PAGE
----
Regardless of what you said in the help and hinder section, I believe that staying organized is one of the easiest ways to set yourself up for creative success. If you’re too frazzled and disorganized your brain won’t have space for inspiration. If you’re so organized and have systems to help you accomplish your goals, you’ll free up mental space for creativity.

Creative ideas don’t come to us when we’re busy and overstretched. Creative ideas come in the shower, out on a walk, or while doing a mindless repetitive task. The more organized you can be with systems in place to prepare for a shoot, the better.

Maybe that means you need a pre-photoshoot checklist, maybe that means you need to simplify your gear and bring less stuff to distract you, or perhaps you need some prompts that you use to get going. Organization might mean different things for different people; you might need rigid systems while someone else just needs a basic outline. Either way, find ways to reduce chaos by increasing organization whether it’s how you handle logistics or cleaning your gear or your shooting process itself.

View Nerves as Excitement Instead of Fear

You’re organized, you’re chaos free, and you’ve set up practices to help you tap into your creativity. But somehow you still feel nervous before a photoshoot. Don’t worry, that’s actually a great thing.

Once you have a plan and know your routine, the nerves are no longer about whether or not you’re prepared for the session. Instead, those nerves are actually excitement, which is a good thing. Wanting to do a good job and feeling a bit of pressure aren’t bad things, they can be fuel for creativity.

Switching your perspective at this point can be the final tweak you need to make to turn your stress into excitement. Take time to recognize the feeling rather than push it down. If you’ve followed the advice above then you’re early for the shoot, you have all the gear ready to go, your plan for the shoot is flawless, and you know that there’s nothing to stress about.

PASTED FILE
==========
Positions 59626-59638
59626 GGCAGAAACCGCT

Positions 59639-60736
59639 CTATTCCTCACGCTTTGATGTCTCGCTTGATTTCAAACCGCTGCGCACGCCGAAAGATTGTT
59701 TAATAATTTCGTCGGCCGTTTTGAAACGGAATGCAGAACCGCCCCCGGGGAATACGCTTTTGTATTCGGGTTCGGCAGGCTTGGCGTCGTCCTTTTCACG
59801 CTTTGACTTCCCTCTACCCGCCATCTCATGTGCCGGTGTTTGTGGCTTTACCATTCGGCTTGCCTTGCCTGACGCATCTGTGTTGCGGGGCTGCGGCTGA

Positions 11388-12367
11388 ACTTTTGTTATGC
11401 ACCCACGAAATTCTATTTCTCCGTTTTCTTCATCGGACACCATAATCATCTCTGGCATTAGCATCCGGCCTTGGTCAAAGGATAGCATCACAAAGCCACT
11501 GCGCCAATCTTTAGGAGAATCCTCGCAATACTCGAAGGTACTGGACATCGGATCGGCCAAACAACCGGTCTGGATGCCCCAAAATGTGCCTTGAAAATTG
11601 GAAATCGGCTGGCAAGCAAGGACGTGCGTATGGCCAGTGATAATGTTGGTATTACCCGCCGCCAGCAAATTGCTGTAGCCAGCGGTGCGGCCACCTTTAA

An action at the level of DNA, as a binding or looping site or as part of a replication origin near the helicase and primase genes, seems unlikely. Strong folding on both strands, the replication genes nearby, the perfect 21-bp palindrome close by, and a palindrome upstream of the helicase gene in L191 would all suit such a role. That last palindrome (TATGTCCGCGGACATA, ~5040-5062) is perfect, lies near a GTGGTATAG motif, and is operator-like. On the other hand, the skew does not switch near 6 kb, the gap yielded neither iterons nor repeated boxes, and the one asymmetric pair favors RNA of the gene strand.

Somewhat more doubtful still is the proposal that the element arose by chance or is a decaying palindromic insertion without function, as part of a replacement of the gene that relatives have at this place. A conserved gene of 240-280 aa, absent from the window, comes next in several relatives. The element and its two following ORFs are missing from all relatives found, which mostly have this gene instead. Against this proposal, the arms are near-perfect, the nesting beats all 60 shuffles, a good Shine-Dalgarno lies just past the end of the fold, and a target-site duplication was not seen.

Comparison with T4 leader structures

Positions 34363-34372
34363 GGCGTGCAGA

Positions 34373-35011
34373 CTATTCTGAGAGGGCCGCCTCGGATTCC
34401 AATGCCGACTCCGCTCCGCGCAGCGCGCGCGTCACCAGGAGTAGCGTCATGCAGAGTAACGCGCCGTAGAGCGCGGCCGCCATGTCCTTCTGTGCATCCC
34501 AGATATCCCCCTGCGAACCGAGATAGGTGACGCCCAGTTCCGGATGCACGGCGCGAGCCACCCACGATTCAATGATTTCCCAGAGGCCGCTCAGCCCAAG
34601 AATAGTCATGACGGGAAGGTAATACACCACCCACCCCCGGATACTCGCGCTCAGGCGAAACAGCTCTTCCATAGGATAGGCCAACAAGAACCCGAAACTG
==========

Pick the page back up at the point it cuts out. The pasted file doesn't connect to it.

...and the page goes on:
Go Do What You Love and Have a Great Photoshoot

Now, you realize, that emotion you’re feeling isn’t actually stress but the excitement of getting to do something you love. Creativity is waiting for you to try something new and create space for it. Hopefully, the tips above helped you identify why you’re stressed and transform it into fuel.

If you didn’t already, take the time to actually start thinking through what helps and what hinders your creativity. Write it all down, now, this article will wait. Then, set up systems and practices and organization to help reduce the stresses, then pay attention to your emotions.

Right now, what are you feeling, fear or excitement? Take the steps toward a more creative future on your next photoshoot! I can’t wait to hear how it goes and what tools you used to reduce stress for a more creative photoshoot.

About the author: Brenda Bergreen is a Colorado wedding photographer, videographer, yoga teacher, and writer who works alongside her husband at Bergreen Photography. With their mission and mantra “love. adventurously.” they are dedicated to telling adventurous stories in beautiful places.